YSU expected to start Mays at QB
By Brian Dzenis
Quarterback Hunter Wells is recovering well from the separated shoulder he suffered last Saturday, but it’s not likely that he’ll be ready to play for Youngstown State against Central Connecticut State this weekend.
“For this week, he’s probably doubtful, but it shouldn’t be long-term,” Penguins head coach Bo Pelini said. “He’s already a lot better and he’s been responding to treatment.”
Sophomore Nate Mays filled in for the senior after he went down on the team’s opening drive against Robert Morris. Should Mays get hurt, Ricky Davis — a quarterback-turned-wide receiver this past spring — is practicing under center this week.
“We have a lot of confidence in Nate, he’s played a lot of football for us,” Pelini said. “It’s nice having Ricky. He has a lot of experience even though he hasn’t taken any snaps this fall, but he can help us in a pinch.”
Another senior on the team does not have as good a prognosis as Wells. Cornerback D.J. Thomas is out for the season due to a previously undiscovered blood clot issue, Pelini said. He can redshirt to gain a year of eligibility next season.
SAFE AND SUCCESSFUL
Hurricane Irma hasn’t been a distraction for Florida-transfer Justus Reed. His hometown of Clearwater, Fla., was in the path of the storm, but the junior defensive said his family is safe. His mother came up to Ohio with him when he joined the Penguins, while his father stayed behind.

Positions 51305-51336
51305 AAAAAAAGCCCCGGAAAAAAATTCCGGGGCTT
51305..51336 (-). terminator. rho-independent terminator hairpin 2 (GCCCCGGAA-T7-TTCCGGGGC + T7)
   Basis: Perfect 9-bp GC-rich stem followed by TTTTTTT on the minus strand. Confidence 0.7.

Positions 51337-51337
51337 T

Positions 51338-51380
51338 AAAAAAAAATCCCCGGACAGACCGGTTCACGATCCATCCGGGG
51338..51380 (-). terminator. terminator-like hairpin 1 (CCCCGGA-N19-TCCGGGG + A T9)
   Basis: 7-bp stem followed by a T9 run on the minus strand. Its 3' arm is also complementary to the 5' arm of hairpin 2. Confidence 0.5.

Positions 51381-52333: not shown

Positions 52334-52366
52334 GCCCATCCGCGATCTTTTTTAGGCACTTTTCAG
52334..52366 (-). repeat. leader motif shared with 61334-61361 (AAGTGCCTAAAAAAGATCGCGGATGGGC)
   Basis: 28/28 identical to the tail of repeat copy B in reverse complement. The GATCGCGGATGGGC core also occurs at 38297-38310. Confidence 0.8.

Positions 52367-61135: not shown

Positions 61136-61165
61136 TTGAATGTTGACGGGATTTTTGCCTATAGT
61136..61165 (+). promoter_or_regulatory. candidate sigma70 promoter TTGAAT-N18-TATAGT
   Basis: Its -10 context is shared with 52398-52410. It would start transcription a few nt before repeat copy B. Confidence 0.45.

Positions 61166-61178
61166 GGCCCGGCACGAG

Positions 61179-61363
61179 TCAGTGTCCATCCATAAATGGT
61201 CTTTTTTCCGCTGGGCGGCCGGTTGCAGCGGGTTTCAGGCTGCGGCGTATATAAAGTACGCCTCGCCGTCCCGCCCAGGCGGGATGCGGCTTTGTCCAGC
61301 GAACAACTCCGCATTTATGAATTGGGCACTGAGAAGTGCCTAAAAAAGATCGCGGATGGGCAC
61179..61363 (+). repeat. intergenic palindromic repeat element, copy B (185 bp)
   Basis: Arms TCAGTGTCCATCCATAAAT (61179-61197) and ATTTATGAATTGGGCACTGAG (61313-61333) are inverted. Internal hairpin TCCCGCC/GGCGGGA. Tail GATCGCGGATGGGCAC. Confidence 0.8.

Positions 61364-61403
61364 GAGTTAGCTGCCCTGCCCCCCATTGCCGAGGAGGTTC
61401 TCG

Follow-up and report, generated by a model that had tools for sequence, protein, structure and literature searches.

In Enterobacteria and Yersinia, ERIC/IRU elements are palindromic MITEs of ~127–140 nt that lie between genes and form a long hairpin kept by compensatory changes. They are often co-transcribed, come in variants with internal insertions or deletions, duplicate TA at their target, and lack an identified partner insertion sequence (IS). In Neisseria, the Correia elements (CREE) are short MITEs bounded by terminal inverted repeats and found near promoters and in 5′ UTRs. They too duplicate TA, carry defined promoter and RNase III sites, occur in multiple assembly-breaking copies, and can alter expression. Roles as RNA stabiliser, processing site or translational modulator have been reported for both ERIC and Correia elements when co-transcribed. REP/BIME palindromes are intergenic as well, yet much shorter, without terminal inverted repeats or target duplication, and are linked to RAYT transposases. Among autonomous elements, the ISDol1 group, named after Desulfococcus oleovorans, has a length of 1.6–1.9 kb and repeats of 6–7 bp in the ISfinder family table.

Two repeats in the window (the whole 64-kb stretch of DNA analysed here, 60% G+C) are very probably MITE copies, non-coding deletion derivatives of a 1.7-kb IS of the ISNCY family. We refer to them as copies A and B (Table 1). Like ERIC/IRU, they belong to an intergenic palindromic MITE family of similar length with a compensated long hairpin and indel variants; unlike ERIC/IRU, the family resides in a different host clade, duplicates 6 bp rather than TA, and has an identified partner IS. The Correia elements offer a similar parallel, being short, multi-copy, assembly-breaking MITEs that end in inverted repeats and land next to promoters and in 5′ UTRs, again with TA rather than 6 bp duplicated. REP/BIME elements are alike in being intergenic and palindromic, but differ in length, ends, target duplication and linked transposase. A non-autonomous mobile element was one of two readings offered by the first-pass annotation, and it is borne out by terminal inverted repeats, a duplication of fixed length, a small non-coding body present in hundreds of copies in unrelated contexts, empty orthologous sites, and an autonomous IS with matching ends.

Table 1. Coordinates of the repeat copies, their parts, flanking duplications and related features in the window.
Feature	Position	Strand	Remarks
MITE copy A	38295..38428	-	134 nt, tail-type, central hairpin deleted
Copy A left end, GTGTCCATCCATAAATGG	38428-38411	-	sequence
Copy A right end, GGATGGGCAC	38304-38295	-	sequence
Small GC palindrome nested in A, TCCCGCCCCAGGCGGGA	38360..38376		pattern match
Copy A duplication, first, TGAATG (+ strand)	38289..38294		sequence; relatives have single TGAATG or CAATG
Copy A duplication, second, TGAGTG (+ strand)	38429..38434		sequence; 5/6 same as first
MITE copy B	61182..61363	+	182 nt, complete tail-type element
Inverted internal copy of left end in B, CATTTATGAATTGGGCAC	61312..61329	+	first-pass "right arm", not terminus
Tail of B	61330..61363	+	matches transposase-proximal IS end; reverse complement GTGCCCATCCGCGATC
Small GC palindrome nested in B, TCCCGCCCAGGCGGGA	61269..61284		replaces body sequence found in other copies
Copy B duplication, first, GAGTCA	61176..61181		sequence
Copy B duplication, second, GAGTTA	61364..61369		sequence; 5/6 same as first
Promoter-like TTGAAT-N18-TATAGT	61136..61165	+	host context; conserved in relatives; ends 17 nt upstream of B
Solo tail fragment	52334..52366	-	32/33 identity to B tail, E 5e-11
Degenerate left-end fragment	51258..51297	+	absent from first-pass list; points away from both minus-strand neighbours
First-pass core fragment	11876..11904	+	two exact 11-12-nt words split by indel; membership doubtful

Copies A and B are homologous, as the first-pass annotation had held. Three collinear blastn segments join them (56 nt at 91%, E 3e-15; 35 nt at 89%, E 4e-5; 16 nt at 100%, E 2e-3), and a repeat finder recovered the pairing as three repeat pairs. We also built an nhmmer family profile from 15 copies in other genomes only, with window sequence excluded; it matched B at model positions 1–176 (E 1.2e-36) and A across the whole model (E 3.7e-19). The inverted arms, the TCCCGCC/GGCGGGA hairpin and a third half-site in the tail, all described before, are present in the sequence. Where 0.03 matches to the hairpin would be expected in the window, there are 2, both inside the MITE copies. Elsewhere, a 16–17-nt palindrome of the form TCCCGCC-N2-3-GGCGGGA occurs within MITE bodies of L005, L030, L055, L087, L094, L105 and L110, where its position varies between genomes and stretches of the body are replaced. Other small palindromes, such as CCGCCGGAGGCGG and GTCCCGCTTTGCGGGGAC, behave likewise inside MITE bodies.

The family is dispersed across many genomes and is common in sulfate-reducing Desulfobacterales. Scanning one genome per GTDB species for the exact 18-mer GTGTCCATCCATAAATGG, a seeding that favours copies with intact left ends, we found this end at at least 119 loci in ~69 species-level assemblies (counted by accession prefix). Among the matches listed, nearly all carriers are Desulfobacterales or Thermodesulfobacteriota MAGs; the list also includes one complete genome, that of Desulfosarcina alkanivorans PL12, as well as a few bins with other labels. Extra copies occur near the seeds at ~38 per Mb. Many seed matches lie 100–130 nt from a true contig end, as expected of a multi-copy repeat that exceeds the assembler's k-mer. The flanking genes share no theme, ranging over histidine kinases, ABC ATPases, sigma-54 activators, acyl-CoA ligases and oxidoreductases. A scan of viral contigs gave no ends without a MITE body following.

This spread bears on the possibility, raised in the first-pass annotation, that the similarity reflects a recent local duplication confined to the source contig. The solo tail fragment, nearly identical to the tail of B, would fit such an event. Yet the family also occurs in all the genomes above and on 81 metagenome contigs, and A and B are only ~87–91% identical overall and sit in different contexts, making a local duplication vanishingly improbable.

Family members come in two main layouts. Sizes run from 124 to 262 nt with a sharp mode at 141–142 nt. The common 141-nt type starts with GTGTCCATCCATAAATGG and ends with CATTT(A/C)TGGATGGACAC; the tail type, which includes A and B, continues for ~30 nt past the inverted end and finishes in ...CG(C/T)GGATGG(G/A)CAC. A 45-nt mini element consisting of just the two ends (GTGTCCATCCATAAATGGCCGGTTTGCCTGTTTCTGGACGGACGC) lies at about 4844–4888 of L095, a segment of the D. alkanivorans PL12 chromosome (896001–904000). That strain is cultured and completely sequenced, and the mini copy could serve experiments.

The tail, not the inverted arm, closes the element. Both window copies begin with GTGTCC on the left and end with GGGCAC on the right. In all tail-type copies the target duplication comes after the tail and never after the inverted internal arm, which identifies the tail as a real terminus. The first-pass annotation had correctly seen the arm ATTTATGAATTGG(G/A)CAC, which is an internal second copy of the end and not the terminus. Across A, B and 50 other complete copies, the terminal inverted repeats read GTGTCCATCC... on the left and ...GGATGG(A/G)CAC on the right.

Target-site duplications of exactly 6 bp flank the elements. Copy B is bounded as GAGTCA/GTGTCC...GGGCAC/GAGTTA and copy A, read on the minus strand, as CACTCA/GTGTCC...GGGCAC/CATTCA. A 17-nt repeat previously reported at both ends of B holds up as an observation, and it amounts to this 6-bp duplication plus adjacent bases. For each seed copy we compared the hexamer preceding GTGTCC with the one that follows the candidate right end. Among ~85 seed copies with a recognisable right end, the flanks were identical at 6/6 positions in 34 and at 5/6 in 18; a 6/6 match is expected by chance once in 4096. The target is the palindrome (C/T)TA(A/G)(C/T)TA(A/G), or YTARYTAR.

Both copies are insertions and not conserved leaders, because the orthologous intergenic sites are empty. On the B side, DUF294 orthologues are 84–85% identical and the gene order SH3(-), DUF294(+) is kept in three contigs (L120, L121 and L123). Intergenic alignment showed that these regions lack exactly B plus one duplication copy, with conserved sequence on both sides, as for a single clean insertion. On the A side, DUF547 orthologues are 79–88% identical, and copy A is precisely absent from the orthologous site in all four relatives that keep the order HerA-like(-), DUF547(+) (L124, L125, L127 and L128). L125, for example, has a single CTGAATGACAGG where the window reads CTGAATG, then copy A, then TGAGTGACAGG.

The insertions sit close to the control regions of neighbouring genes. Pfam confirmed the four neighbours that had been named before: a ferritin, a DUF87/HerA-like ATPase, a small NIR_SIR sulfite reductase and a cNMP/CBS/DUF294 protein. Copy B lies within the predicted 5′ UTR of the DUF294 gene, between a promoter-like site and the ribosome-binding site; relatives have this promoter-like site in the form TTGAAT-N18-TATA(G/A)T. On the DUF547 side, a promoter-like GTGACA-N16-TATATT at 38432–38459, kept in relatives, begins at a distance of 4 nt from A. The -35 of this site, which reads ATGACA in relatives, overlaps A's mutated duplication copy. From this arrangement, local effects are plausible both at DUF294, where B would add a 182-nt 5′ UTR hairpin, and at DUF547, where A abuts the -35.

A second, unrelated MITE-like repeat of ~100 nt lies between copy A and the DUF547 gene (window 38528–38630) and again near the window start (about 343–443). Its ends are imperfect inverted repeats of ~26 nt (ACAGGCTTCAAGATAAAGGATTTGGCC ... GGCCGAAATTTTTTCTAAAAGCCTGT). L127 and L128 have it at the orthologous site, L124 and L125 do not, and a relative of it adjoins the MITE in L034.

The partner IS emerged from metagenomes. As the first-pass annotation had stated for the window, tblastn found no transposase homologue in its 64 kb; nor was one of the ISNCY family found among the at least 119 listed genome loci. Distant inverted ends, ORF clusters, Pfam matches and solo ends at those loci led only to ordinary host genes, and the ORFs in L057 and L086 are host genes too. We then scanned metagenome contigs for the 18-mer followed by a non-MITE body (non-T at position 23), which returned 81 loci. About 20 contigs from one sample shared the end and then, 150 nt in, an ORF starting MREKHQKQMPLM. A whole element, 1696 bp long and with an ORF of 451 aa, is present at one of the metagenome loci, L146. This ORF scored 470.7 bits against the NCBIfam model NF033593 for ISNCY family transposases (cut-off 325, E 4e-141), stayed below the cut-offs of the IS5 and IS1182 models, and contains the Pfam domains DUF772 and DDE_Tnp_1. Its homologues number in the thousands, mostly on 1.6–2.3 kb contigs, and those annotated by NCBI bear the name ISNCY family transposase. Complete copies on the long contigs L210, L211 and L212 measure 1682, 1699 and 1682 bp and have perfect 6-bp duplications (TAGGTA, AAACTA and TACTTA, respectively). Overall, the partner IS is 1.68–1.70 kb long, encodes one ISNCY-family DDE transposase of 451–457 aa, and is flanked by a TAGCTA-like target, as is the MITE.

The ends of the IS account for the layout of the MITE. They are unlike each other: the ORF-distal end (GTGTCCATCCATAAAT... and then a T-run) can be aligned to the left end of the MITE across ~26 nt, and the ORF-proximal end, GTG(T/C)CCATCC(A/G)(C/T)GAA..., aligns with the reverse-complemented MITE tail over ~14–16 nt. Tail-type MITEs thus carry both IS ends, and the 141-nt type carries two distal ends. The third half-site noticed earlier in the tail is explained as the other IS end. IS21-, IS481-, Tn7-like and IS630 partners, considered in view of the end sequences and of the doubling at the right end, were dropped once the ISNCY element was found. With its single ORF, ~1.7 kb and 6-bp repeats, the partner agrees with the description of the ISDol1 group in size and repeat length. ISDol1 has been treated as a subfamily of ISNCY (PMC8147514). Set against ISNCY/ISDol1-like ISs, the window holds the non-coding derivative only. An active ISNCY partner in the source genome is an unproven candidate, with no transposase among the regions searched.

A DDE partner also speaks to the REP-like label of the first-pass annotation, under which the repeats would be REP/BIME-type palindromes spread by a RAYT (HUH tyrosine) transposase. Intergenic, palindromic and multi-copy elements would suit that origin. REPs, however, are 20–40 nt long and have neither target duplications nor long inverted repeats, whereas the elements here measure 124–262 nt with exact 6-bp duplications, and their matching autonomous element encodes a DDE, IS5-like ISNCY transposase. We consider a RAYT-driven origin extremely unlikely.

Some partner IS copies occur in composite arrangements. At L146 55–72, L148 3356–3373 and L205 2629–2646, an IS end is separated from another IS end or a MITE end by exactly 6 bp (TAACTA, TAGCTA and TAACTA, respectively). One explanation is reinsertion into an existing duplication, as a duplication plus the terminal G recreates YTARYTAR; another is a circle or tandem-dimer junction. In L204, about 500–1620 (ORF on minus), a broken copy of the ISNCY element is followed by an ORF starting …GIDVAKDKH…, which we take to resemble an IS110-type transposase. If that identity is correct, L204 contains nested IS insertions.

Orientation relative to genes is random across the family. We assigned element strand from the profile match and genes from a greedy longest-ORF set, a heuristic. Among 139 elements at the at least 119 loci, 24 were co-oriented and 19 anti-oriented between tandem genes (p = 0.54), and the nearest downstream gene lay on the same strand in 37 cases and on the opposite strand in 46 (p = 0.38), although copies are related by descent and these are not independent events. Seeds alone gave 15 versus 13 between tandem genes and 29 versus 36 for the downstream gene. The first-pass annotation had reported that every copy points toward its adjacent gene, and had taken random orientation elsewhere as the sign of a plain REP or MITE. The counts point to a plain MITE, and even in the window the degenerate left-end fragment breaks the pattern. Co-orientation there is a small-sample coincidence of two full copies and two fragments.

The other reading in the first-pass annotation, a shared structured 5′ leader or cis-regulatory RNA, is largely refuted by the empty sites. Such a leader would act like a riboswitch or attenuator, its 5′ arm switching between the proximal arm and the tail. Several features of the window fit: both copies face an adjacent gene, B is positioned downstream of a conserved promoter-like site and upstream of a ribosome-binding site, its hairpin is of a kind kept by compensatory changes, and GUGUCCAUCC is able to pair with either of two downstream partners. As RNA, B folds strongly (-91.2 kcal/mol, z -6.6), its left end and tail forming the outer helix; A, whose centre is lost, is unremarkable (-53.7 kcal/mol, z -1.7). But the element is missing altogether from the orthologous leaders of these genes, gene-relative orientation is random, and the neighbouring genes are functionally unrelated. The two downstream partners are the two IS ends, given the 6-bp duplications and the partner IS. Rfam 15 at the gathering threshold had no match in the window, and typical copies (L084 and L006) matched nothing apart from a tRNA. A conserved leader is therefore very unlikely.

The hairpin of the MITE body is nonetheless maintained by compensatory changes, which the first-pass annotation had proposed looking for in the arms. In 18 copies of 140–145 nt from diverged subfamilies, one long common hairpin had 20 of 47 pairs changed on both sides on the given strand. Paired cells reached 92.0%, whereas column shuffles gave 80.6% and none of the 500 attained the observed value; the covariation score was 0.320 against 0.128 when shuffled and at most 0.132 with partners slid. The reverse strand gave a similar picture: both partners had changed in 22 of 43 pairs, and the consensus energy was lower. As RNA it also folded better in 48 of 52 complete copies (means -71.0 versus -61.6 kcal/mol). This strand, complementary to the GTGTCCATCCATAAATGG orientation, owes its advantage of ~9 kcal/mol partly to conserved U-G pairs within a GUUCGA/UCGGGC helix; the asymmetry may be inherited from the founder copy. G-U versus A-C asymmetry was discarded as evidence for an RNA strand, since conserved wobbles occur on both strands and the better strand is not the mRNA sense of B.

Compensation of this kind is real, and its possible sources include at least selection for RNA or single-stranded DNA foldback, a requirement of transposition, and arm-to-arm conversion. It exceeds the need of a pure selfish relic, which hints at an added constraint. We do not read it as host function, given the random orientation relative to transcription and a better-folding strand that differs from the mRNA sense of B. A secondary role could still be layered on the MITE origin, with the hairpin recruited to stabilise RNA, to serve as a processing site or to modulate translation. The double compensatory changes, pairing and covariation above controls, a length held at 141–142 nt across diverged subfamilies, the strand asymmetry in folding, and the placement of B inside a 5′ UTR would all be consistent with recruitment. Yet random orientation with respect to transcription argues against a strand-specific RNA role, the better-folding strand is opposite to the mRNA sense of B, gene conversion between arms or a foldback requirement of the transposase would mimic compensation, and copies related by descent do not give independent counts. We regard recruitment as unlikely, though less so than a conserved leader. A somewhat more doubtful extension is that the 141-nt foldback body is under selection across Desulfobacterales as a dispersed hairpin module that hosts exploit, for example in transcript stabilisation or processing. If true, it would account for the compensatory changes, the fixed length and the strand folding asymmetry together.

“It hasn’t been that taxing. I haven’t heard about what’s been going on other than [what’s happening] at my dad’s house,” Reed said. “If I keep my head in football, I’ll be fine I guess.”
He’s the Penguins’ leader in sacks through two games with four. He had two last week against the Colonials and was close to getting a few more with three QB hurries.
“I was kicking myself. I’d probably lead the country in sacks right now,” Reed said. “I’ll get it back eventually.”
As a team, the Penguins have 10 sacks on the season, which has all come from the defensive line.
“I think we found out pretty early in camp that our ends are good football players and I think we get a good push,” Pelini said. “I think our inside guys were even better than they were a year ago. I think they’re playing pretty well.
“We do some things differently than what [Reed] is used to and I think he’s made the transition well and I still think he’s learning in some areas,” Pelini added. “We’re trying to clean up his technique. I think he’s still raw, but I think he’s a good talent.”
Junior Zak Kennedy a busy game against Robert Morris last week. The Cardinal Mooney graduate was three for four with his longest make coming from 30 yards. His one miss came on a 57-yarder that was wide right, but he’s confident he has the leg for those kicks.
“I was upset that I missed it. I know coach Bo and coach [Carl Pelini] had a lot of confidence in me to make it,” Kennedy said. “I got tied up in the moment and tried to kick it too hard and ended up pulling it a little bit.”
Kennedy said in the offseason he can get his range to 70 yards on the practice field and 60-65 yards in a game provided the wind, snap and hold come together. Kennedy said he and the head coach often speak before games to get a sense of his range.
“I told him, ‘As long as you get me to the 40-yard line, I can make it,’” Kennedy said.
Bring up the fact the Pelini’s Penguins have played six quarters of shutout football and there’s no discussion of jinxes. The Cleveland Indians’ ongoing winning streak is a different story.
“Don’t curse them,” Pelini said. “You’re not supposed to talk about it.”